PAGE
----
Retirement (Cage-Free Sanctuary Space)
Pingky is being cared for at IAR Ketapang. Learn more about her here.
RETIREMENT – A Necessary "R" of "Red Ape Relief"
The aim of the orangutan rehabilitation process is to teach orangutans vital survival skills, and the goal is for each orangutan to return to life in the wild. The sad reality is that there are hundreds of orangutans in rehabilitation centers who will never be able to live successfully in the wild. We refer to these orangutans as "unreleasable" and we strive to provide them with a life of respect and dignity under human care. We call this process retirement, as these special orangutans are in need of a permanent home to live out their days in peace and comfort. Many of these orangutans are magnificent adult flanged males, affectionately called cheek padders.
There are many reasons why orangutans may be "unreleasable". For some, they were kept in captivity for so long that they were not able to learn to be an orangutan and develop forest skills. Other orangutans suffer from physical disabilities and limitations, often caused by the many years in captivity. There are also some orangutans who suffer from infectious diseases, such as tuberculosis and hepatitis B or C, which could relapse or be transmitted to the wild orangutan population. All of these precious souls require a lifetime of medical attention and tender loving care. Orangutan Outreach has made a commitment to move these orangutans out of cages and into sanctuary spaces.
The biggest challenge in providing sanctuary for unreleasable orangutans is securing the funds required to build and maintain the proper facilities. Donations are desperately needed to cover the costs for decades of food and medication and the expenses associated with building new, appropriate sanctuary enclosures and islands. Providing lifelong care requires more funding than what is needed to put an orangutan through the rehabilitation process. Please help us care for these beautiful red apes.
Learn about our partners working to provide lifetime sanctuary care for orangutans.
Borneo Orangutan Survival Foundation (BOSF)
BOSF believes that orangutans who lack survival skills and natural behaviors must still have the chance to live outside of a cage, on a sanctuary island. These forested islands are regularly monitored, allowing for unreleasable orangutans to live a semi-wild life while still receiving all the support they need from the BOSF teams. At this time there are not enough sanctuary islands for all of these orangutans, so most of the unreleasable orangutans must wait in caged enclosures. YOU can help move more orangutans out of cages. Learn more about the BOS Foundation sanctuary islands here. Papa is being cared for at BOS Samboja Lestari. Learn more about him here.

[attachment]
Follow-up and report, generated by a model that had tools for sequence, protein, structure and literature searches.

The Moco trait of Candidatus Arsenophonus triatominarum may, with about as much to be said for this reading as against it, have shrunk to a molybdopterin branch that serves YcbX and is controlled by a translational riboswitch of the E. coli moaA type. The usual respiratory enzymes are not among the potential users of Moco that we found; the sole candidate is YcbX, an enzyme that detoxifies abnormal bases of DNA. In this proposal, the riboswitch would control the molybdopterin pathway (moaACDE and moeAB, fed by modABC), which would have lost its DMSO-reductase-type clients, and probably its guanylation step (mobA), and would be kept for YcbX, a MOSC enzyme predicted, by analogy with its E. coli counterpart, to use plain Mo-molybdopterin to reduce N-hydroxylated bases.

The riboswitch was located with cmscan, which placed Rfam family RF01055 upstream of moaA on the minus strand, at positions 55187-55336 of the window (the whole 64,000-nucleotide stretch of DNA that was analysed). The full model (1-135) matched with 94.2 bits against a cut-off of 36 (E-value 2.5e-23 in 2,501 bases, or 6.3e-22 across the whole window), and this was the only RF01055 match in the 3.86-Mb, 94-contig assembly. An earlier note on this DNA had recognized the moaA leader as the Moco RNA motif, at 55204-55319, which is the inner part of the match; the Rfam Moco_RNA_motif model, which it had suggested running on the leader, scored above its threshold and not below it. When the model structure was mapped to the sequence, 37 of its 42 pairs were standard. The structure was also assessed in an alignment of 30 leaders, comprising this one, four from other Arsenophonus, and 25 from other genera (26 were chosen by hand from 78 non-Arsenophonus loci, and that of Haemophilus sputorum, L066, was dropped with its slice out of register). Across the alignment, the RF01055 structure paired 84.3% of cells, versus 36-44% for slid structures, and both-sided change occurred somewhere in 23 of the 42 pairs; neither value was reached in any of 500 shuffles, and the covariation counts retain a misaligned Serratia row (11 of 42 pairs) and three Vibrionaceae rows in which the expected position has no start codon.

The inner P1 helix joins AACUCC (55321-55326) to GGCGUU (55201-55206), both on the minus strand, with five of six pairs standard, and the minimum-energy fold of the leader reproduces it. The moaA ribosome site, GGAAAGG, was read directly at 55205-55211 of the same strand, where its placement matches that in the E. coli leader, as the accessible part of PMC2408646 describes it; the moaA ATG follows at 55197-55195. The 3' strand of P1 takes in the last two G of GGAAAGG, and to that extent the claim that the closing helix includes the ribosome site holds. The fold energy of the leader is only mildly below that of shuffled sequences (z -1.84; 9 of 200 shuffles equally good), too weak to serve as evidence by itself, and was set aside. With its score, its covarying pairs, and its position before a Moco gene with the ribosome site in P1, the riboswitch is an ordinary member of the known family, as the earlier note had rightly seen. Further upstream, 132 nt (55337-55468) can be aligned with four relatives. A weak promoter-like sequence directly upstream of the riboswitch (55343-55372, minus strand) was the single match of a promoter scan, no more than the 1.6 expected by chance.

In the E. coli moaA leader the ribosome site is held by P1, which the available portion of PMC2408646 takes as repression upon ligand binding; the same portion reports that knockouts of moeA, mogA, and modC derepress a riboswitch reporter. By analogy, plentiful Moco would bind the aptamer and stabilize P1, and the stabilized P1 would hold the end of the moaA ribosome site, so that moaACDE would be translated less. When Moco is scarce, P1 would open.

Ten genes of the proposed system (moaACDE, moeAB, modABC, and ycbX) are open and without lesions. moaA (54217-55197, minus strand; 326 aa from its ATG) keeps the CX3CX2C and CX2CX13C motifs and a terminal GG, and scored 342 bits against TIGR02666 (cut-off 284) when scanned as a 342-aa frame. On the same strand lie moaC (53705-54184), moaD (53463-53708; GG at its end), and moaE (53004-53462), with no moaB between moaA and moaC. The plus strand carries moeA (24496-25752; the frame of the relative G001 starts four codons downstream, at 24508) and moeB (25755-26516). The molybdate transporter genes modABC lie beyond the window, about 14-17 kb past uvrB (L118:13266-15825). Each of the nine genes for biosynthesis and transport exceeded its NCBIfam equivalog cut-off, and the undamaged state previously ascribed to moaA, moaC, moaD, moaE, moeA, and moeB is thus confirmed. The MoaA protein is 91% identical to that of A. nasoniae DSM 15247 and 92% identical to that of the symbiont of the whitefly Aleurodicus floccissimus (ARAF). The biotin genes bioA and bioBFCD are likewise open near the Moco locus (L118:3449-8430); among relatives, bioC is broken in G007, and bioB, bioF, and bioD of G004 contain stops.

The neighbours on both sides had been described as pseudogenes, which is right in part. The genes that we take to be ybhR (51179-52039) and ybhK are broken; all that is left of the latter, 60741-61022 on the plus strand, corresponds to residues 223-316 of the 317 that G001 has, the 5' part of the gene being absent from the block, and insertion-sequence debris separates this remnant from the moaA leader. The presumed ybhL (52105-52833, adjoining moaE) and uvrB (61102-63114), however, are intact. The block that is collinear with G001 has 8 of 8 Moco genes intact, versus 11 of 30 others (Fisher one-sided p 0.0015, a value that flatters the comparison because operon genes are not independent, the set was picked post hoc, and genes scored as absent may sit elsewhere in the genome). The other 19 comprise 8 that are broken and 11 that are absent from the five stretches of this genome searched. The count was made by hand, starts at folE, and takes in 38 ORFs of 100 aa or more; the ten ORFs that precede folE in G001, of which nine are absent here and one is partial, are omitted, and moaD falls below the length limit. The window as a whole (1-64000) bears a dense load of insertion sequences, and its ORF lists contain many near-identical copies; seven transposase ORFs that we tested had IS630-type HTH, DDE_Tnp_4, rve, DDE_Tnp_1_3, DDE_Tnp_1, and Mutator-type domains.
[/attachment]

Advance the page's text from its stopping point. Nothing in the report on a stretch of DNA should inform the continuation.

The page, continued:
Sumatran Orangutan Conservation Programme (SOCP)
SOCP has long envisioned a permanent sanctuary for its unreleasable orangutans, with planning and development starting in 2015. A lush wetland valley has now been developed into orangutan island homes - the SOCP Orangutan Haven. This remarkable sanctuary in Northern Sumatra will serve as the permanent home for some very special orangutans. The Haven will allow each individual orangutan an enriching life within a natural habitat setting. It will also become a crucial conservation education resource aimed at changing attitudes towards wildlife and the environment within the region. Learn more about the SOCP Orangutan Haven and how you can support its residents here. Krismon is being cared for by SOCP. Learn more about him here.
International Animal Rescue (YIARI)
YIARI manages an orangutan center near Ketapang, in West Kalimantan (Borneo). The facility covers 150 hectares and includes office space, a guesthouse, a learning center, and a medical clinic. This amazing site also includes a quarantine area, cages for all the rescued orangutans, and ample space for forest schools and the rehabilitation islands. To complete this complex, YIARI is constructing a large 1 acre forested area on the grounds to be utilized by their unreleasable orangutans. Learn more about this ambitious project here (link coming soon). JoJo is being cared for at IAR Ketapang. Learn more about him here.
Cikananga Wildlife Centre
Cikananga is dedicated to conserving Indonesian wildlife. Located in Java, the center provides facilities to rehabilitate a variety of confiscated wild animals with the goal to reintroduce them into their natural habitat. The center also provides a permanent sanctuary for animals that cannot be released back into the wild. Cikananga is the home to two wonderful orangutans, Noni and Dodo. They receive much love and attention from the animal care staff at Cikananga. Learn more about Noni and Dodo and their home here.